Microsoft Windows "Receive Window
Auto-Tuning" Causes Bufferbloat

September 3, 2014 (updated 09/03/2014) - Technology Blog Index

  1. Windows RWIN auto-tuning algorithm causes bufferbloat

What is wrong with Microsoft Windows receive window (RWIN) auto-tuning?

Using WireShark, I have been noticing on test downloads (PC connected directly to cable modem) on a 120Mbps Internet connection, connecting to a server 52ms away, that Windows 7 auto-tuning sets the receive window size to 3,841,024, which is way higher than it should be set:
Because the BDP (Bandwidth Delay Product) suggests that a receive window around 780,000 bytes (120Mbps/8×.052) is all that is needed.

Clearly, auto-tuning algorithms need to tune above this level to allow for download speed variations, and potential bandwidth growth.

But Windows auto-tunes to 4.9 times (3841024/780000) the BDP -- telling me that something is very wrong with Microsoft's auto-tuning algorithm.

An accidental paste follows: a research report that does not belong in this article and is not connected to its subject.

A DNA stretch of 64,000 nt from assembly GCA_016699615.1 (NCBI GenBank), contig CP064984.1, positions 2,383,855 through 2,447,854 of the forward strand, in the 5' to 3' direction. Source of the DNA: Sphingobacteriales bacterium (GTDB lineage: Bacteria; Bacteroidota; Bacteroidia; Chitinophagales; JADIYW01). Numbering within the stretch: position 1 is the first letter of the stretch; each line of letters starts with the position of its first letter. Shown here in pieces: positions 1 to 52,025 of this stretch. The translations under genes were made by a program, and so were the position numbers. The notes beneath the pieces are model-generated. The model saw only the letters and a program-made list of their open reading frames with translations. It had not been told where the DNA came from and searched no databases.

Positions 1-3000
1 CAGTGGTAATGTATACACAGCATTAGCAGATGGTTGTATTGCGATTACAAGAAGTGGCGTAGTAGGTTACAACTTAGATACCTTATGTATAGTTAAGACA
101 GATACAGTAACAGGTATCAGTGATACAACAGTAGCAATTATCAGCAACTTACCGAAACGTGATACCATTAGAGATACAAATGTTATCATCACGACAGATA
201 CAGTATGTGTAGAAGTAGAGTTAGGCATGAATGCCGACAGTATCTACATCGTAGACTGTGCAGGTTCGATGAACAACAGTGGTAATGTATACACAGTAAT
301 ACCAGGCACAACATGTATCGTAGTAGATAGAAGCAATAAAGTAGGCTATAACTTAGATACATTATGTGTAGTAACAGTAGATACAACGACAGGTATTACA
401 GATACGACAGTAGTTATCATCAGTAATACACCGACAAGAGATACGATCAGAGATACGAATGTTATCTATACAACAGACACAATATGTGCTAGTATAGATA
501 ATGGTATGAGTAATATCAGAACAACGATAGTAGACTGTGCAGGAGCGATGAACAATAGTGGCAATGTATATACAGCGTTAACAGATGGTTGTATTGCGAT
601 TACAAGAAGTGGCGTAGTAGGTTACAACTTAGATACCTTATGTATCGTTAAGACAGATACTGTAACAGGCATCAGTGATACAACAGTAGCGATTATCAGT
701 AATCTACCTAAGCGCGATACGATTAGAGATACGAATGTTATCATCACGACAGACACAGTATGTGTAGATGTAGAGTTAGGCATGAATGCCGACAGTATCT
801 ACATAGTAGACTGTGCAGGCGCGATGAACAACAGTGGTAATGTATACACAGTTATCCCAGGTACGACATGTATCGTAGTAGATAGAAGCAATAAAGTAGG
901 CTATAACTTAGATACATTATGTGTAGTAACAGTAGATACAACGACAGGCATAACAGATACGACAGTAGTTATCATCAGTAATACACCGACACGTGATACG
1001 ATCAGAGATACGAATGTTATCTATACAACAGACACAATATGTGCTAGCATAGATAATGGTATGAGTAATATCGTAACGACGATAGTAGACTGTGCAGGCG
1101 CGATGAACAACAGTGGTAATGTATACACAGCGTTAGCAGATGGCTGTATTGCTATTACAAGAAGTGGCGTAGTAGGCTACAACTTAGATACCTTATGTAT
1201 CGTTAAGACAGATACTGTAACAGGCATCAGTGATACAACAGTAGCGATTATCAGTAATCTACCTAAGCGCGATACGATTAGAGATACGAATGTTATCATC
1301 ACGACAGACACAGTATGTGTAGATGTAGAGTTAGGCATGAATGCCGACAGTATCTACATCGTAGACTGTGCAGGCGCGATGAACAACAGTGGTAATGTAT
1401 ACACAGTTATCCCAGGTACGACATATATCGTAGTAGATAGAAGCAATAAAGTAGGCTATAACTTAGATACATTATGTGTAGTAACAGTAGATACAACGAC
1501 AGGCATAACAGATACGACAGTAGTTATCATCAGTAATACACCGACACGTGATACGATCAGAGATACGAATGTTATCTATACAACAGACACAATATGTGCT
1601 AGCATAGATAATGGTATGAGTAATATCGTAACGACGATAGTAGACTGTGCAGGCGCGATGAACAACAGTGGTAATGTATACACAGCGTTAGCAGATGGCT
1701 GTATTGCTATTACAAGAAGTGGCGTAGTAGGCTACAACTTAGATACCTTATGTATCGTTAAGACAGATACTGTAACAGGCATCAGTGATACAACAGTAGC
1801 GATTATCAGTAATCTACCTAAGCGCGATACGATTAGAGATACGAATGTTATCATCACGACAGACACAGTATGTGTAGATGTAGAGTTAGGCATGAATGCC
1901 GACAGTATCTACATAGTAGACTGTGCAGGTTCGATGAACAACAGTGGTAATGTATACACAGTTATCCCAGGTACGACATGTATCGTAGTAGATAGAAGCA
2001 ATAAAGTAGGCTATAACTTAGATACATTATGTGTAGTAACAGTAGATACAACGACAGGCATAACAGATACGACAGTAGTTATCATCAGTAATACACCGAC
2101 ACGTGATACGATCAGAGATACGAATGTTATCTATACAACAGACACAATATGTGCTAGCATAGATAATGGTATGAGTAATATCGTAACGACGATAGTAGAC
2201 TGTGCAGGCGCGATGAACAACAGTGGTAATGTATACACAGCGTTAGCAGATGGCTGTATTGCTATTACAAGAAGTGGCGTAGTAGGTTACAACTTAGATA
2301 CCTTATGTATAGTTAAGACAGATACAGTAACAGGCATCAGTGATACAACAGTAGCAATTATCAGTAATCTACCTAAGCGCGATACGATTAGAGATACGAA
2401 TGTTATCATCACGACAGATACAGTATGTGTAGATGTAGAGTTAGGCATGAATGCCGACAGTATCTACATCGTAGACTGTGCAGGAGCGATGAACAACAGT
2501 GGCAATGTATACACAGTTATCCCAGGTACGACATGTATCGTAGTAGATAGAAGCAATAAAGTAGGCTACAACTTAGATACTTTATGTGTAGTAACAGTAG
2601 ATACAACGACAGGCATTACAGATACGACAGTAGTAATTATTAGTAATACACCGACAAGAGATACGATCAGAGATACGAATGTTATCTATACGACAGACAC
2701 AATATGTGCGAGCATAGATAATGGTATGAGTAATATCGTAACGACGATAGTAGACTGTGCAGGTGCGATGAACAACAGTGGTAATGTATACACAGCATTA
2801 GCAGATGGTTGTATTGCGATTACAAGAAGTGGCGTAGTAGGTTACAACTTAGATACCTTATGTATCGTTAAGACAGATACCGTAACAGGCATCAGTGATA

And the result is ever increasing bufferbloat.

As the server transmits packets and allows up to 3,841,024 bytes in unacknowledged data, those packets must queue up somewhere, and for me, that is within the CMTS connected to my cable modem, which then causes RTT times to dramatically increase over 200ms for all subsequent network activity.

It is almost as if Microsoft's auto-tuning algorithm does not take into account the side effects of setting a receive window too large (bufferbloat and increased RTT times) and is then seeing increased RTT times and calculating a larger receive window buffer, which itself causes even more bufferbloat, and even higher RTT times.

  2. Another Windows auto-tuning bug

Looking at WireShark captures, it appears very clear that the Windows 7 auto-tuning algorithm assumes that the congestion window on servers is initialized to 2. Where today, most are set to 10 (see RFC6928), and some even higher.

Why? Because for me, I always see a temporary 'stall' for one RTT, where Windows auto-tuning has not increased the receive window quickly enough (example seen right).

And the only thing that seems to make sense is that if cwnd were equal to 2, then Microsoft is increasing auto-tuning 'just in time'.

Which indicates to me that Microsoft's algorithm assumes an initial cwnd of 2.

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